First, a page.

The KPMG Women’s PGA Championship, which begins Thursday at Sahalee Country Club, will mark the second time the Seattle area has been home for a women’s major golf tournament.
If you ask JoAnne Carner what she remembers about the first one — the 1959 Women’s Western Open at the Rainier Golf and Country Club — she offers a rueful laugh.
“What do I remember? What I remember,” Carner said Sunday, “is that I choked.”
The former JoAnne Gunderson, a Kirkland native enrolled at Arizona State, had put herself on the leaderboard as an amateur. Except there were no leaderboards in those days.
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“It was all word of mouth,” Carner said. “I got to the 18th tee and somebody in the gallery told me I was tied with Patty Berg.”
All the 41-year old Berg had done by then was accumulate 58 tournament victories — 15 of them majors — during a career that found her named The Associated Press Female Athlete of the Year in 1938, 1943 and 1955. The World Golf Hall of Famer had played a substantial role in the inception of the LPGA.
Informing a 20-year-old amateur of the fact she and Berg were even with one hole remaining was akin to reminding a pitcher working on a no-hitter that he needed only three more outs to accomplish the rare feat.
“It was the first time I had taken on the women’s pros,” Carner recalled. “I clunked the tee shot, and had no better luck with the second shot.”
Carner and Berg ended up in a second-place tie, six shots behind Betsy Rawls. That Carner’s prevailing memory of the 1959 Women’s Western Open is a couple of botched shots at the finishing hole underscores the exceedingly high standards she set for herself.
Carner was 14 when she won the 1956 Seattle City Public Links Championship. That was the same year the Lake Washington High student finished first in the PNGA Women’s Amateur and the U.S. Junior Girls tournaments, and placed second in the U.S. Women’s Amateur.
“The Great Gundy,” as she was known before marrying college sweetheart Don Carner, would thrive on the national amateur golf circuit until she turned 30. Her husband persuaded the former phenom to turn pro, not so much for the money but for the challenge.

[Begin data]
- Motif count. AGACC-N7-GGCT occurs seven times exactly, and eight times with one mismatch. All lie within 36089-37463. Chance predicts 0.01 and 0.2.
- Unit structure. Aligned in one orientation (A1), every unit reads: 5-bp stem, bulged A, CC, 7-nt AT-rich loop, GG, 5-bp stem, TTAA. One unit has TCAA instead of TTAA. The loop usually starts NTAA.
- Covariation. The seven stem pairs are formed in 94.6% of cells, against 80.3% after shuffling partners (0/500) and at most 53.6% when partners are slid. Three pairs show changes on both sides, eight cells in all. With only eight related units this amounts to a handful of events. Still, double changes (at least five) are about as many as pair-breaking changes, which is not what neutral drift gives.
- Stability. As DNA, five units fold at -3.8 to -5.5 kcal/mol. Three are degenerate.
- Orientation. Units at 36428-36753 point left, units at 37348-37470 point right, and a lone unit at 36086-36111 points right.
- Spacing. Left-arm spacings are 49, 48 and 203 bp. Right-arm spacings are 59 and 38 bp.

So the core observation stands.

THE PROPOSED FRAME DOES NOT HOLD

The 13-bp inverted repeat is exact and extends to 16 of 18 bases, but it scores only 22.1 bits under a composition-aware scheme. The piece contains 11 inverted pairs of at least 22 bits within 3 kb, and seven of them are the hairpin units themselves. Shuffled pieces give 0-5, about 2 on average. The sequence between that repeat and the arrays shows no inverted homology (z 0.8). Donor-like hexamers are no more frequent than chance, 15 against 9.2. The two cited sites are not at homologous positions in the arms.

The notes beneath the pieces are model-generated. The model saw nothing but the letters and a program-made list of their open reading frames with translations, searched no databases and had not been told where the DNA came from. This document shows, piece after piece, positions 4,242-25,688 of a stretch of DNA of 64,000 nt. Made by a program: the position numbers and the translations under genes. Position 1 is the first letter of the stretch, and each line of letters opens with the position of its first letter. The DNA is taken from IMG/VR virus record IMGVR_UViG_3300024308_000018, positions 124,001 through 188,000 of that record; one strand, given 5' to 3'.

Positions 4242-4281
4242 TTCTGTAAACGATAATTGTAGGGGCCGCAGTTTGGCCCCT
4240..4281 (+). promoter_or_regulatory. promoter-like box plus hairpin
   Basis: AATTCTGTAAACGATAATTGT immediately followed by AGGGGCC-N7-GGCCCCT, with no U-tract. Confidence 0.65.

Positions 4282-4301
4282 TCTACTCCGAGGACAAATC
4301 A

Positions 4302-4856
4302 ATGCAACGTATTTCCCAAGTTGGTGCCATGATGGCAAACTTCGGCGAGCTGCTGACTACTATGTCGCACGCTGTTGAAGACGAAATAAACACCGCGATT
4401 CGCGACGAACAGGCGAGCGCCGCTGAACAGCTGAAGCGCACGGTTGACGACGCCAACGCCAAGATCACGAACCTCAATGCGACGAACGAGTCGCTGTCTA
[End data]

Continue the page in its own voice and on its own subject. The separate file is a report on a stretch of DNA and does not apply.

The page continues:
Carner ended up with 43 LPGA tournament trophies along with a distinction — the only golfer to win the U.S. Junior Girls, the U.S. Women’s Amateur and the U.S. Women’s Open — as well as a new nickname, “Big Mama,” which referred not to her size but the distance of her 230-yard drives.
Carner needed only 12 years to earn eligibility for the World Golf Hall of Fame, which describes her as a combination of Babe Ruth, Babe Zaharias, Walter Hagen and Shelley Winters.
Connect the dots between three legendary athletes and the actress who portrayed a wily shipwreck survivor in “The Poseidon Adventure” and you’ve got, well, a personality in a sport not overpopulated with personalities.
Carner and her late husband traveled to events in an Airstream trailer. Not the most cost-efficient way of moving around the country, but the laughs and conviviality more than compensated for the gas bills.
In any case, something about the arrangement contributed to Carner’s remarkable durability. She qualified for an LPGA tournament cut at the absurd age of 65.
As with baseball, pro women’s golf has evolved from a predominately American occupation into an international circuit. Carner likes what she sees.
“It’s become a world-wide game,” she said. “The influx of Korean and Japanese players means the U.S. golfers can’t just coast in Sundays. They’ve got to work out and practice.
“Instruction has changed, too. When I was growing up, there were maybe two or three good teachers in the Northwest. Nowadays, it’s as if every club pro has some PGA experience.”
Carner, who long ago relocated to south Florida, visits the Seattle area on a semi-annual basis. She hopes to stay through the duration of the major tournament at Sahalee, but can’t commit because “there’s some business to take care of.”
Business, presumably, that won’t pack the electroshock-jolt a college student got upon learning she had the same score as the most accomplished champion in the history of women’s golf, with one hole to play.